Initially, another station - a military, rather than civilian, one called ‘Almaz’ - was supposed to be the first to orbit Earth. The Almaz program was the Soviet answer to NASA’s Manned Orbiting Laboratory (MOL) - an orbital station whose main purpose was espionage. The U.S. station had equipment for photography, electronic reconnaissance and other similar devices.
The Soviet Union’s ‘Almaz’ went further and, in addition to its enormous 2.5-meter ‘Agat-1’ telescopic camera (at the time, the world’s most powerful such device for photographing the Earth), the station was armed. According to the design, an aviation cannon would be able to fire at foreign satellites and even Earth from space. But the MOL program was aborted in 1969 and there were still many unresolved technical issues with the half-finished ‘Almaz’. Then, a more viable solution was put forward - to build another station on the basis of ‘Almaz’, but purely for scientific purposes and create the first “host” station in space.
The station was specially built for extended human habitation in orbit. It comprised just one module consisting of three compartments, one of which was technical, fitted with engines and solar panels; another compartment was residential (it was also used for work), designed to accommodate three cosmonauts - where they could eat, drink, sleep and carry out experiments; and the third, the smallest, was the transfer compartment for docking with spacecraft. The whole structure weighed almost 18.5 tons.
On April 23, 1971, a three-man crew flew up to the station, which had been put into orbit four days previously. The docking was successful, but it proved impossible to form a hermetic passage between the spacecraft and ‘Salyut’. Moreover, the spacecraft’s docking probe had firmly embedded itself in the station’s docking cone and was deformed, so undocking was also impossible. The station was simply holding the spacecraft in its grip.
This continued for around five hours and the situation was close to critical. The crew was saved by lengthy consultations with flight control, which suggested that jumpers be placed in the electronics assembly and this did the trick. The spacecraft was “released” and all three cosmonauts returned to Earth. It was decided not to announce the incident officially and, instead, it was reported that the first flight had been experimental and there had been no plans to go aboard ‘Salyut’.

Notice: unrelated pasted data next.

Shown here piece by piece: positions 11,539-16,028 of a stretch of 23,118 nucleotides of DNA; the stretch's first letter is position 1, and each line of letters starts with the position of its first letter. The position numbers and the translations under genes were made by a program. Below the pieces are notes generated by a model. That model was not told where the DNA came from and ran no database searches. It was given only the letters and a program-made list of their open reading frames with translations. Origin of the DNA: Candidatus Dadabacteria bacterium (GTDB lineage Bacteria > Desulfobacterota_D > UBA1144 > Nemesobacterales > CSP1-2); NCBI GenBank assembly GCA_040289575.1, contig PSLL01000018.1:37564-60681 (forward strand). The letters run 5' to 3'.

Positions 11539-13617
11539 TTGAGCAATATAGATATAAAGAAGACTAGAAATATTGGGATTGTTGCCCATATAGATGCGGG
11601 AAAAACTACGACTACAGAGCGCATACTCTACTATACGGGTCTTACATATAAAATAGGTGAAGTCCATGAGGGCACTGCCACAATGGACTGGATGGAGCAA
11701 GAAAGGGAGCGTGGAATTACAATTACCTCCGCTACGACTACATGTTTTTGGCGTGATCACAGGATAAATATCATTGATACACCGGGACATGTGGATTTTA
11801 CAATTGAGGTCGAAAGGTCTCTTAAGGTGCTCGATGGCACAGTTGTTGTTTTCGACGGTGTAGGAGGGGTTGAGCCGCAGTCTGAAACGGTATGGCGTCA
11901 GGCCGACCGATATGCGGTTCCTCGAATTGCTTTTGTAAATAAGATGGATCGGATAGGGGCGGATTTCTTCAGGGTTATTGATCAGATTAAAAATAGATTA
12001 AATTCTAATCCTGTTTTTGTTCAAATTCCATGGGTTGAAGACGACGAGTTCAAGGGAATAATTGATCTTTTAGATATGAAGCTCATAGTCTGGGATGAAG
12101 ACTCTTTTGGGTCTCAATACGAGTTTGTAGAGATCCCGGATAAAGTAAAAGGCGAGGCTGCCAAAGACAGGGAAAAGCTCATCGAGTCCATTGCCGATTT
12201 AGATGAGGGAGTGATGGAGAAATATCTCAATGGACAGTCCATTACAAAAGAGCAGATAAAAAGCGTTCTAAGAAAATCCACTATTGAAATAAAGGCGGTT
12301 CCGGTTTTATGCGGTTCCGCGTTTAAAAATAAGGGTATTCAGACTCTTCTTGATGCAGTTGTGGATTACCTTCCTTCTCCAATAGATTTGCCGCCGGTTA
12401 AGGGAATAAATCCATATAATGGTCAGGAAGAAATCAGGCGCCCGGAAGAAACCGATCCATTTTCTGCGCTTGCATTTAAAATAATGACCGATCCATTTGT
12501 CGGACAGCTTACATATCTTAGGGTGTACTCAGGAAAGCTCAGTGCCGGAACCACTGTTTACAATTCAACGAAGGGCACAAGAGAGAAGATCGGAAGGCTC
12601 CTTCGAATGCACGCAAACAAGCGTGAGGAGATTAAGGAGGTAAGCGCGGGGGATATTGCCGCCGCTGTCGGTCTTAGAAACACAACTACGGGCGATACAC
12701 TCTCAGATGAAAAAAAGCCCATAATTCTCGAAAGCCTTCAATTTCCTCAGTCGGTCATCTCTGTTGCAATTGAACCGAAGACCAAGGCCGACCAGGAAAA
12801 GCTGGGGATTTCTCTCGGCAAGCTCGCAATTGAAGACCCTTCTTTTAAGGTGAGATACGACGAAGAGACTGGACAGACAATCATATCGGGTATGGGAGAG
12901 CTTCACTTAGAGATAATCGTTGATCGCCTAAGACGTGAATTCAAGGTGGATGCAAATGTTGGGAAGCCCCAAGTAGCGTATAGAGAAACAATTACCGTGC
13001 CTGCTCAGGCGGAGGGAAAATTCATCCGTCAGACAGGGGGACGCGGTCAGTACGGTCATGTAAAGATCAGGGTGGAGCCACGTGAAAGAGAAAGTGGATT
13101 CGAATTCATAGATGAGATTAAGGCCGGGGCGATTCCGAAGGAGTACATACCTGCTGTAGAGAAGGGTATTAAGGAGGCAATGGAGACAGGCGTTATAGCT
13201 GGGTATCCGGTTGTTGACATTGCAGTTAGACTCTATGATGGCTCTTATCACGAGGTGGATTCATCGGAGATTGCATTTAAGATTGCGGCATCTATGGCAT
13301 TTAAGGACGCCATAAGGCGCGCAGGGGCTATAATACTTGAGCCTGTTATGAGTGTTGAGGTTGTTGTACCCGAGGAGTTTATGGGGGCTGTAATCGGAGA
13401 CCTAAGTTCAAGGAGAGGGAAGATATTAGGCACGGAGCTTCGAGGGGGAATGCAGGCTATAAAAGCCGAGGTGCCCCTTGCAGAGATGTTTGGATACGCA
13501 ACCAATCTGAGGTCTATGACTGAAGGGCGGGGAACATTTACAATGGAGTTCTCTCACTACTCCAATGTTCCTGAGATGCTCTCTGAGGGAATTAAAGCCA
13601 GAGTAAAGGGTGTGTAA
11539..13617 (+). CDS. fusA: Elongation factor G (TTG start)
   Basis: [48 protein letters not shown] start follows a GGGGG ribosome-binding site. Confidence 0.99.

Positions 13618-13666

The operators of the flight control platform of the Salyut-1 manned orbital scientific station mission control center during a communication session.Nikolai Akimov/TASS
The next mission established a record duration for human endurance in space - the crew were in space for a total of 23 days. The longest flight until then had been considered to be the American Apollo 12 lunar mission lasting 10 days.
Georgy Dobrovolsky, Vladislav Volkov and Viktor PatsayevAlexander Mokletsov
After their 23 days in orbit, the crew, composed of Lt. Col. Georgy Dobrovolsky, flight engineer Vladislav Volkov and research engineer Viktor Patsayev, mothballed the station for the next mission, undocked normally and headed for Earth. When they were already at an altitude of approximately 150 km above the Earth, at the descent stage, a pressurization failure of the reentry module occurred. In a matter of seconds, the air valve released the pressure in the cosmonaut’s module to a level incompatible with human life: Oxygen starvation and acute decompression sickness leave a human being with only a few minutes to live amid unspeakable pain, burst eardrums and brain fog.
The capsule landed normally, but the rescuers discovered the dead cosmonauts inside. They were buried in the Kremlin Wall Necropolis.
Valery KubasovAlexander Mokletsov/TASS
By tradition, two crews are trained for a flight - the main crew and a back-up. And Dobrovolsky, Volkov and Patsayev who died had actually been the back-up crew. Three days before launch, it was decided not to send up the main crew. Doctors found a shadow on the lung of Valery Kubasov, one of the cosmonauts, which they interpreted as the early stages of TB. After lengthy discussions, the state commission decided to replace the whole crew.
It emerged only later that what the doctors had diagnosed as TB had actually been a reaction to plant blossom. Kubasov eventually went into space twice after the incident.
The disaster would probably not have occurred if the cosmonauts had been wearing emergency survival suits capable of maintaining life support for at least a certain period of time. But the crew were wearing rubberized suits, as the series of ‘Soyuz’ spacecraft then in operation did not include survival suits for the crew.
Urgent work to develop such a spacesuit began after the disaster.
Work on ‘Salyut’ was stopped after the tragedy: The station continued its orbit in auto mode. It was decided to carry out additional development of manned space travel and to bring the station back down to Earth. On October 11, 1971, fragments of the station that did not burn up in the dense layers of the atmosphere ended up in a “spaceship cemetery” located at the bottom of the Pacific Ocean away from shipping lanes.
Because of the secrecy surrounding the whole of the Soviet space program, no genuine photographs of the station are available anymore. A different, earlier name - ‘Zarya’ (‘Dawn’) - was even inscribed on its side and this was never changed because no-one would have seen it anyway. ‘Dawn’ was also the name of a Chinese satellite, which is why the first orbiting station was renamed ‘Salyut’.
After the first ‘Salyut’, there was a two-year gap in the space program, after which another 10 (!) modified stations were launched under the same name. ‘Salyut’ also became the prototype of the ‘Mir’ orbiting complex and the Russian segment of the International Space Station.
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